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- 1 Hypogene hypothesis??
- 2 Ambiguity of references
- 3 Is the hardness value given in the article correct?
- 4 Uncertain Origin?
- 5 On hue
- 6 Featured Article Review
- 7 "Drusy"???
- 8 Treatments Section
- 9 For School
- 10 unwarrented move
- 11 imitation
- 12 dead link
- 13 Globe?
- 14 Someone please fix vandalism
- 15 Ceramic tiles in the gallery?
- 16 Gunpowder on the Sinai
The turquoise article is looking great. One problem with the last edit. That hypogene hypothesis looks to me to be in error or perhaps an archaic idea. Everything I've seen is consistent with a truly supergene or secondary origin. Do you have a reference for that? -Vsmith 06:40, 22 Nov 2004 (UTC)
- Well, I got it primarily from this abstract which seems fairly current (this month, in fact) and another which I can't seem to find again [Edit: Here's another abstract, for what it's worth]. Turquoise's formation is a debatable subject, it would seem, but all I've tried to do is include all rational views. The abstract is actually proposing a third hypothesis specific to US deposits, but I didn't include it here. If you know the hypogene hypothesis isn't actually a valid one or think I misunderstood something in my digestion of the source(s) (I'm not a geologist! I trust your judgment), feel free to edit it out. -- Hadal 06:59, 22 Nov 2004 (UTC)
Ambiguity of references
When combined with further reading it is impossible to know which sources were actually consulted for material and or fact checking in the article and those that are just available for more information for the interested reader. Can the editors that used the sources please split those two? Thank you - Taxman 03:36, Dec 29, 2004 (UTC)
- I added and used the following:
- Dietrich, R. V. (2004). Turquoise. Retrieved November 20, 2004 from www.cst.cmich.edu/users/dietr1rv/turquoise.htm
- Hurlbut, Cornelius S.; Klein, Cornelis, 1985, Manual of Mineralogy, 20th ed., John Wiley and Sons, New York ISBN 0471805807
- King, R. J. (2002) Turquoise. Geology Today 18 (3), pp. 110-114. Retrived November 24, 2004, from: www.blackwell-synergy.com/links/doi/10.1046/j.1365-2451.2002.00345.x/full/
- I also used but didn't add:
- USGS (2002). Turquoise. An overview of production of specific U.S. gemstones. U.S. Bureau of Mines Special Publication 14-19. Retrieved November 15, 2004 from http://minerals.usgs.gov/minerals/pubs/commodity/gemstones/sp14-95/turquoise.html
- I would say that Hadal added the others and probably used them. He did the bulk of the rewrite. As I think they were all used as references, there's nothing to split. Maybe we should just delete the further reading part. -Vsmith 05:02, 29 Dec 2004 (UTC)
- I also used all the references I added to some degree, including Dietrich (after Vsmith helpfully added it). Vsmith's suggestion of removing the "further reading" bit seems to be the best way to quell any ambiguity, so I'll do just that. -- Hadal 14:24, 29 Dec 2004 (UTC)
- Thank you both for the clarification. - Taxman 19:29, Dec 29, 2004 (UTC)
"Turquoise", in french, doesn't mean "Turkish", it's a color, looks like cyan.
- That's the word's literal meaning today, yes. The article is relating the word's etymology, which for many words, is not congruent with its literal meaning. - Hadal 14:24, 29 Dec 2004 (UTC)
Logically; in Corel Draw it is CMYK: 60, 0, 20, 0 ; so 66.6 Cyan and 33.3 Yellow is the color's definition. As far as I know; the word derived from the architectures (Such as the interior design of the Blue Mosque) and turkish ceramics (mainly the ones that are made in Iznik (it was Nicaea previously). Actually a while ago; in English the word "Turkish Blue" was also used. Due to the relation between Ottoman Empire and France with capitulations ; the Ottoman culture was introduced to Europe thru French culture. However, it shouldn't be the 14th century; but the 16th or 17th. During the 14th century everybody in Europe was dying out of Black Plague and survival was much more important than communications of the cultures. In the 15th century Europe still didn't had any "stable" communication with Ottoman Empire; (except hating them for conquering Constantinopolis). It was in the 16th century when Ottoman Empire had enlarged until Austria conquering almost all of Eastern Europe. The culture started to blend in between each other during this period. Mozart has composed his Turkish March while Europeans had sympathy for Turks. (Actually things such as "Parfum" (Cologne) and high-quality clothes were also introduced by Ottomans; before them Europeans literally smelled like s... due to lack of canalization system. For further information, please study Renaissance. (Which was an important period in human history) --Nerval 19:16, 29 Dec 2004 (UTC)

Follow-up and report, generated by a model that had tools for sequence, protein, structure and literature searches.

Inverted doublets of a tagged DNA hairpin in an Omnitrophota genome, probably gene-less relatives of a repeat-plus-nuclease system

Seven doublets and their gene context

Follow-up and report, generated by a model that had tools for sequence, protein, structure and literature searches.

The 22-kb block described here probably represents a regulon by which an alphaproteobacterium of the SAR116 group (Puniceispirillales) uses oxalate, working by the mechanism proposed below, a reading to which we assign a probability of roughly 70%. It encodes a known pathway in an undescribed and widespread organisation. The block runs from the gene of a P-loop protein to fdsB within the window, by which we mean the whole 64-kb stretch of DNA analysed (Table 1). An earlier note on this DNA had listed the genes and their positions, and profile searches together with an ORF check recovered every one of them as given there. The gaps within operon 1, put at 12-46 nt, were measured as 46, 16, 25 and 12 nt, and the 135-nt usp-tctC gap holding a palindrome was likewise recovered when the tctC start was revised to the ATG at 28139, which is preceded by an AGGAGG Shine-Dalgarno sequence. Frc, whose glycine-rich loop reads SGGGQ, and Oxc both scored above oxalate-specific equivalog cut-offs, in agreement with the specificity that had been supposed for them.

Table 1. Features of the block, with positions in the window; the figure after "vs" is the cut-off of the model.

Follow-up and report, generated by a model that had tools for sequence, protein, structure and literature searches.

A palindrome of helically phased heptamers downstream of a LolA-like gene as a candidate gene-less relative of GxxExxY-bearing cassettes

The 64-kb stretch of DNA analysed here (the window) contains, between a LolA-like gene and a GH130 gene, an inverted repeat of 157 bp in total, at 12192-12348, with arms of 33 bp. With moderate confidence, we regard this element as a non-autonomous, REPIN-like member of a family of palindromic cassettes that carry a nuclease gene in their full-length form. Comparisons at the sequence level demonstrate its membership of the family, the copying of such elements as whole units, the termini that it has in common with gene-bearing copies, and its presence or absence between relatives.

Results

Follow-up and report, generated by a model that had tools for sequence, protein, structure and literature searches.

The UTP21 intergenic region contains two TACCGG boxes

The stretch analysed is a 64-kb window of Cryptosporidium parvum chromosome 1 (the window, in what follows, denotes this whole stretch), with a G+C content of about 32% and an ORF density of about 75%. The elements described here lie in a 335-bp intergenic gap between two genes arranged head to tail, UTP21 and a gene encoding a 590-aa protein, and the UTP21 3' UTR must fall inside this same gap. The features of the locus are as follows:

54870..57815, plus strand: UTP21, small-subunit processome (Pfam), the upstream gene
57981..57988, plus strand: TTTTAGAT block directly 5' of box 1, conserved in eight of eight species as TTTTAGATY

Is the hardness value given in the article correct?
The article mentions that turquoise "reach[es] a maximum hardness of just under 56, or slightly less than a solid diamond". The link for the word "hardness" takes you to an explanation of the Mohs scale, which is a scale from 1 to 10. That page also makes reference to a value called "absolute hardness," which lists diamond as a 1500. If turquoise is slightly less hard than a diamond, 56 doesn't really make sense on either scale.
I also thought, perhaps, the article meant to say "5-6," as is listed in the sidebar. This would make the wording awkward, however, as the sentence would read "...a maximum hardness of just under 5-6...."
- Turquoise is nowhere near diamond in hardness; the article was vandalised before you read it. I wasn't around to catch it, unfortunately. It should be okay now. -- Hadal
Why exactly does the article say the word is of "uncertain origin" and then go on to explain the origin? I've changed it a bit.
To people who just hate my edits for their accuracy, blue is what the standard links look like. It looks nothing like turquoise. Unless anyone can produce for me a blue turquoise, stop claiming that it is blue. Try lapis lazuli or the sea instead. lysdexia 12:46, 7 September 2005 (UTC)
- "Blue" does not refer to one hue alone, it is a large category encompassing many shades of blue. There is no problem calling turquoise "blue", as it often is. Besides, it's not "cyan" colored, its "turquoise" colored... but it's a bit silly to define the color of turqouise as turquoise colored. ;) --Dante Alighieri | Talk 18:56, September 8, 2005 (UTC)
Featured Article Review
At first glance, there are no inline citations, which is why i nominated this article for review. The opening paragraph contains the etymology of the word Turquoise, but this should probably be put in its own section, and (like the rest of the article) should have ample inline citations. What's currently written seems to contradict the etymology given in one of the references. Mlm42 15:13, 24 September 2006 (UTC)